in Thoreau’s Journal:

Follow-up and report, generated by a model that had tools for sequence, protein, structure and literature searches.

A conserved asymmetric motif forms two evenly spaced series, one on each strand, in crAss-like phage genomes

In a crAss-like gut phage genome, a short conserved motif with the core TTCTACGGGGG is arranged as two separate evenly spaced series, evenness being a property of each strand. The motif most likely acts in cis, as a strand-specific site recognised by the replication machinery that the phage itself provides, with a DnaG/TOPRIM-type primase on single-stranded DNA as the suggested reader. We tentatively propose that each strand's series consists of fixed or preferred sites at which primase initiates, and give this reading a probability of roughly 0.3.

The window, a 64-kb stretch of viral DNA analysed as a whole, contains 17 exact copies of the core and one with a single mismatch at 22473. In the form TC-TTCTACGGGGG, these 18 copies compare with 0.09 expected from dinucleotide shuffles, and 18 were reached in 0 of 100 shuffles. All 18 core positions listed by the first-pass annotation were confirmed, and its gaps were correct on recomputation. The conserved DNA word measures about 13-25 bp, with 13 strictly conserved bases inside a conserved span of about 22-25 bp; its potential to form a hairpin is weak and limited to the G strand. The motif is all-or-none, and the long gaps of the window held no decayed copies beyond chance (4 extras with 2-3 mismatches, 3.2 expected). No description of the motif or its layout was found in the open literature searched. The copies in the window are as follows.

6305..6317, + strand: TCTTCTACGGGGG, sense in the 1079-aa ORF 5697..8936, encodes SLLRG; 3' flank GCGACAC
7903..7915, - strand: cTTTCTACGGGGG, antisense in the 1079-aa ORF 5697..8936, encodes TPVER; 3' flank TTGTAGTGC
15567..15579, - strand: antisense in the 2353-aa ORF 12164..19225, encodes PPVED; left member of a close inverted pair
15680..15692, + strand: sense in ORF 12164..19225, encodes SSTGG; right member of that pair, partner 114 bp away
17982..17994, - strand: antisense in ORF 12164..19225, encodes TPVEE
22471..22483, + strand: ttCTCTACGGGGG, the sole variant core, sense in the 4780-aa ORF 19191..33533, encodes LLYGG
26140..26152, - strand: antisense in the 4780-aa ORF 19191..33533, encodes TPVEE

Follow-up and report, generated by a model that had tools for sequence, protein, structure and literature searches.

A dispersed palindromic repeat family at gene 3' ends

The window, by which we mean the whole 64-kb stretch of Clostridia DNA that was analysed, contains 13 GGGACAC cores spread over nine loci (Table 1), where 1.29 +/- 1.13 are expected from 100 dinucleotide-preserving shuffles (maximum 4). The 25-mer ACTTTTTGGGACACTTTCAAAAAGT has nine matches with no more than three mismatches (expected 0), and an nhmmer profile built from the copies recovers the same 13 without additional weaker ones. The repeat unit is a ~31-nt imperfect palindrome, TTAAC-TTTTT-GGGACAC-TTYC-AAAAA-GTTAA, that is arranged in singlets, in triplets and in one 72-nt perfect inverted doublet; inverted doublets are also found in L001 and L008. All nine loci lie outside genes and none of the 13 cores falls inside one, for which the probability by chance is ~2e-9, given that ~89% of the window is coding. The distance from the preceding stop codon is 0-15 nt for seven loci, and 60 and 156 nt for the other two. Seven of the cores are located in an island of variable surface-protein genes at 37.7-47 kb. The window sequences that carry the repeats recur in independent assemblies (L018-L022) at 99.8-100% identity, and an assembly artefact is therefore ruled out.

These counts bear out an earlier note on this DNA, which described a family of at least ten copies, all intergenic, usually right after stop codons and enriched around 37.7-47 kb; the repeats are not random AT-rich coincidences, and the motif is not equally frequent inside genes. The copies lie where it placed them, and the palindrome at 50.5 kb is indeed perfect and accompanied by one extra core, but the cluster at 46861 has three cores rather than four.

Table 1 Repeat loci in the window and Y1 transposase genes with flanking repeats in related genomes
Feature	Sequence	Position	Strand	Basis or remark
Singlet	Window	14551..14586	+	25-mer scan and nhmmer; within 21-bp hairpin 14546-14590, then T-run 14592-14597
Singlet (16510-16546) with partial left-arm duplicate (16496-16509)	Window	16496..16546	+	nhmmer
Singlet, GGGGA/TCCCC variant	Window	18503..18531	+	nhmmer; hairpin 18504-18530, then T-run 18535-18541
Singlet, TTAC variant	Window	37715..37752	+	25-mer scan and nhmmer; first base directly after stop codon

It is so cool a morning that for the first time I move into the entry to sit in the sun. But in this cooler weather I feel as if the fruit of my summer were hardening and maturing a little, acquiring color and flavor like the corn and other fruits in the field. When the very earliest ripe grapes begin to be scented in the cool nights, then, too, the first cooler airs of autumn begin to waft my sweetness on the desert airs of summer. Now, too, poets nib their pens afresh. I scent their first-fruits in the cool evening air of the year. By the coolness the experience of the summer is condensed and matured, whether our fruits be pumpkins or grapes. Man, too, ripens with the grapes and apples.